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If we were asked to explain the purpose of music, our immediate reply might be "to give pleasure". That would not be far from the truth, but there are other considerations.
We might also define music as "expression in sound", or "the expression of thought and feeling in an aesthetic form", and still not arrive at an understanding of its true purpose. We do know, however, even if we are not fully conscious of it that music is a part of living that it has the power to awaken, in us sensations and emotions of a spiritual kind.
Listening to music can be an emotional experience or an intellectual exercise. If we succeed in blending the two; without excess in either case, we are on the road to gaining the ultimate pleasure from music. Haying mastered the gift of listening to, say, a Haydn symphony, the ear and mind should be ready to admit Mozart, then to absorb Beethoven, then Brahms. After that, the pathway to the works of later composers will be found to be less bramblestrewn than we at first imagined.
Music, like language, is a living, moving thing. In early .times organised music belonged to the church; later it became the property of the privileged few. Noble families took the best composers and the most talented performers into their service.
While the status of professional musicians advanced, amateur musicians found in music a satisfying means of self-
expression, and that form of expression broadened in scope to embrace forms and styles more readily digested by the masses.
It is noteworthy that operas at first were performed privately, that the first "commercial" operatic venture took place early in the seventeenth century, this leading to the opening of opera houses for the general public in many cities.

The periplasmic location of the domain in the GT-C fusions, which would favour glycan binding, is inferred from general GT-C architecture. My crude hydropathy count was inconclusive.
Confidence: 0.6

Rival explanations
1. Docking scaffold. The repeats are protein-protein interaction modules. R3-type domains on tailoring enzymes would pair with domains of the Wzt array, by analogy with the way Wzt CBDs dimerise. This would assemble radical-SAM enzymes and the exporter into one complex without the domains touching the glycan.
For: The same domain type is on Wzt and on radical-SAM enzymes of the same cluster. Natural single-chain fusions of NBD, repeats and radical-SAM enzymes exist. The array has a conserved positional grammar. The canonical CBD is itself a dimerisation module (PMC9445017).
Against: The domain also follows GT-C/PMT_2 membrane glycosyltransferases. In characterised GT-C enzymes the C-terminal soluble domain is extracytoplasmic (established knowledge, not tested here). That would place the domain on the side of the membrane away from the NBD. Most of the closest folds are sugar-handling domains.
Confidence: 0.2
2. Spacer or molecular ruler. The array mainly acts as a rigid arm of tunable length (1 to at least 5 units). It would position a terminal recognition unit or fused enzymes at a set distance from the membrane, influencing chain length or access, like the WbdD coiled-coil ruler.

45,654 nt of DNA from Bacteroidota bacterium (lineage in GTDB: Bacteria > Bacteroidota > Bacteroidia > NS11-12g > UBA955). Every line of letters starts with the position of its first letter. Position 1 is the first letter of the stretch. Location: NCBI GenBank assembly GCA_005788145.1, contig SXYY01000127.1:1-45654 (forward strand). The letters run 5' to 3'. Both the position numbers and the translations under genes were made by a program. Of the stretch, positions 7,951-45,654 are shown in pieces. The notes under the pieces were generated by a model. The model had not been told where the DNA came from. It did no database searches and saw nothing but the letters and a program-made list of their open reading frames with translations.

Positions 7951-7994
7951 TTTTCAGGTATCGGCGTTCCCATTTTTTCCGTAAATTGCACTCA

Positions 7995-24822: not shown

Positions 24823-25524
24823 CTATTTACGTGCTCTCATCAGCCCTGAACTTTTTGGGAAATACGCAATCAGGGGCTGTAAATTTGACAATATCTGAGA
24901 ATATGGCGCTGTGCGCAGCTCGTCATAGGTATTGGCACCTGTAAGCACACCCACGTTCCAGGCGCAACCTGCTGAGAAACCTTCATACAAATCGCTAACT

By the middle of the nineteenth century, composers were finding more and more inspiration of their heritage. The time had come to emancipate the music of their country from the domination of "foreign" concepts and conventions.
One of the first countries to raise the banner was Russia, which had various sources of material as bases of an independent musical repertory, Russian folk songs and the music of the old Russian Church.
The composer to champion this cause was Glinka, who submerged Western-European influences by establishing a new national school.
Glinka's immediate successor was Dargomizhsky, then Balakirev. His own creative output was comparatively small; he is best remembered as the driving force in establishing "The Mogutschaya Kuchka", a group which included Borodin, Cui, Moussorgsky and Rimsky-Korsakov.
Tchaikovsky (1840-1893) worked independently and was the first Russian composer to win widespread international recognition.
It is a narrow line that divides Operetta from Musical Comedy, both blending music and the spoken word. When we think of operetta, such titles come to mind as The Gipsy Baron (Johann Strauss), The Merry Widow and The Count of Luxembourg (Lehar). Of recent years these have been replaced in popular labour by "Musicals" which placed more emphasis on unity and theatrical realism, such as Oklahoma, My Fair Lady, The Sound of Music and West Side Story.
In early times instrumental music broke away from occasion associated i^hsaqred worship into secular channels. In succeeding genenations instrumental players were engaged to provide music forvarious public functions. Humble bands of players developed into small orchestras, these in time to symphony orchestras. Later, orchestras of the cafe type assumed in-creased numerical strength and more artistic responsibility, while "giving the public what it wants".
For many generations Band Music — music played by military bands, brass bands, and pipe bands on the march, in public parks, and in concert halls — has held its place in public favour, especially in Great Britain.
At the turn of the present century American popular music was still clinging to established European forms and conventions. Then a new stimulus arrived by way of the Afro-Americans who injected into their music-making African chants and rhythms which were the bases of their spirituals and work songs.
One of the first widespread Afro-American influences was Ragtime, essentially a style of syncopated piano-playing that reached its peak about 1910. Ragtime music provided the stimulus for the spontaneous development of jazz, a specialized style in music which by the year 1920 had become a dominating force in popular music, and New Orleans, one of the first cities to foster it.